Happy Hanukkah

Happy Hanukkah

The celebration of Hanukkah began on December 11, 2020 and will last until December 18, 2020. Hanukkah is celebrated by people of Jewish faith every year. Hanukkah is celebrated during the month of Kieslev, according to the Jewish calendar, and typically falls in late November or at some time during December. Because of this, many who are not familiar with the holiday may associate it is as the Jewish equivalent of Christmas, but the tradition of Hanukkah has very little similarity to Christmas other than the time of year at which it is celebrated and the tradition of giving gifts.

Hanukkah commemorates the eight day re-dedication of the Second Temple in Jerusalem, following a revolt by the Jewish people after Judaism had been outlawed and the temple had been converted to an altar to worship the Greek God, Zeus. Led by Jewish priests and their followers, the Jewish people reclaimed the temple and rededicated it to the Jewish faith. Hanukkah remembers and celebrates this victory and re-dedication.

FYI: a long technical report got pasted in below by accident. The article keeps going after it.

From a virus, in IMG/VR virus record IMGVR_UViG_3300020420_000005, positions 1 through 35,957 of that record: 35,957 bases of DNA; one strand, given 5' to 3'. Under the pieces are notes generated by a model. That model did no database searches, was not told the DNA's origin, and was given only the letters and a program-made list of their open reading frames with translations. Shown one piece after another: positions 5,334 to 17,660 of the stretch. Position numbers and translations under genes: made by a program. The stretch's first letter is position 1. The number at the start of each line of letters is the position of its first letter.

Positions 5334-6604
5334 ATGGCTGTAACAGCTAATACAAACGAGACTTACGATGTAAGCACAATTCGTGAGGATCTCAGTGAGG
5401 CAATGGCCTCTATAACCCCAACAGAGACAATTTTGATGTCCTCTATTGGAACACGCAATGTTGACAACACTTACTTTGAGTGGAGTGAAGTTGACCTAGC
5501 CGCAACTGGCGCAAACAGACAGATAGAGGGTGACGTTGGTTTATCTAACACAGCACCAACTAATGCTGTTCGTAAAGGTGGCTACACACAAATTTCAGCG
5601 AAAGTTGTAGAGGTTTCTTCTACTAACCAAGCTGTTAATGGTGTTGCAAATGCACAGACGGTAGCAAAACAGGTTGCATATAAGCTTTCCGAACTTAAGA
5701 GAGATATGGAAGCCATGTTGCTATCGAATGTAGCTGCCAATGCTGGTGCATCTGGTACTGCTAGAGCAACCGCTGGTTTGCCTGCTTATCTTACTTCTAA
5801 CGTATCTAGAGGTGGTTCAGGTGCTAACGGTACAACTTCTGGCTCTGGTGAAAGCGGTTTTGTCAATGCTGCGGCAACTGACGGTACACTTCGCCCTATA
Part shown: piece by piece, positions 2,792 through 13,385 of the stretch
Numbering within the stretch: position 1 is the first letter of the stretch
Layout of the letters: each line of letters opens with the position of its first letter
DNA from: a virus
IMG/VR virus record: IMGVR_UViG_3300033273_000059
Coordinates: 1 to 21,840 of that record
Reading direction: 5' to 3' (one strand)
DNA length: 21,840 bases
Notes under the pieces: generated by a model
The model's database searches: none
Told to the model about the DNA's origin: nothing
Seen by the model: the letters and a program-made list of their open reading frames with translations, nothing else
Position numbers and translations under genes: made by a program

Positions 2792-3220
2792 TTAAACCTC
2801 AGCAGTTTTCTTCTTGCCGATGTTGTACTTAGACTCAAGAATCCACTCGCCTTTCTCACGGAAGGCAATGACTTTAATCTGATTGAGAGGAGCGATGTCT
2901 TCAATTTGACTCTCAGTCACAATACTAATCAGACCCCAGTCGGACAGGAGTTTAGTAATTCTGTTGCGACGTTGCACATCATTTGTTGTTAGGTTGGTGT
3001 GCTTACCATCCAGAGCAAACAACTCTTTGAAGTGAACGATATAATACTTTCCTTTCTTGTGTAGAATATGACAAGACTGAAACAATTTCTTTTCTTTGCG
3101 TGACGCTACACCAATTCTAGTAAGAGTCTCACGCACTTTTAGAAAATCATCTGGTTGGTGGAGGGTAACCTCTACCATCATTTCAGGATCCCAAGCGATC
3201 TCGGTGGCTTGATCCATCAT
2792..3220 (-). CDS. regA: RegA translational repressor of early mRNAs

Many have heard the story of the menorah associated with Hanukkah, and the menorah remains a primary symbol and ritual of Hanukkah celebrations. Following their reclamation of the temple, the Jews wanted to light the menorah, but only had enough olive oil to light it for one day. Despite the limited supply of oil, the oil burned for eight days and nights, giving rise to the eight day and night celebration that is now Hanukkah.  One candle of the menorah is lit after sundown on each night of Hanukkah, with the total number of candles increasing each night until all of the candles are light. The menorah is often placed in a window as a symbol of the holiday. Traditional blessings are said while lighting the candles.

Other Hanukkah traditions include meals with special foods, including latkes or other foods that are fried in olive oil, as further commemoration of the origin of the holiday. The dreidel, a four-sided top with Hebrew letters printed on each side, is a toy and game that is traditional to Hanukkah as well. Though it was traditional for children to receive coins as gifts during Hanukkah, and many still do receive either real or chocolate coins, exchanging other gifts during Hanukkah has become a common part of the tradition as well.

If you are celebrating Hanukkah this year, we wish you health, happiness, peace, and enjoyment of this holiday!


If you are celebrating Hanukkah this year, we wish you health, happiness, peace, and enjoyment of this holiday!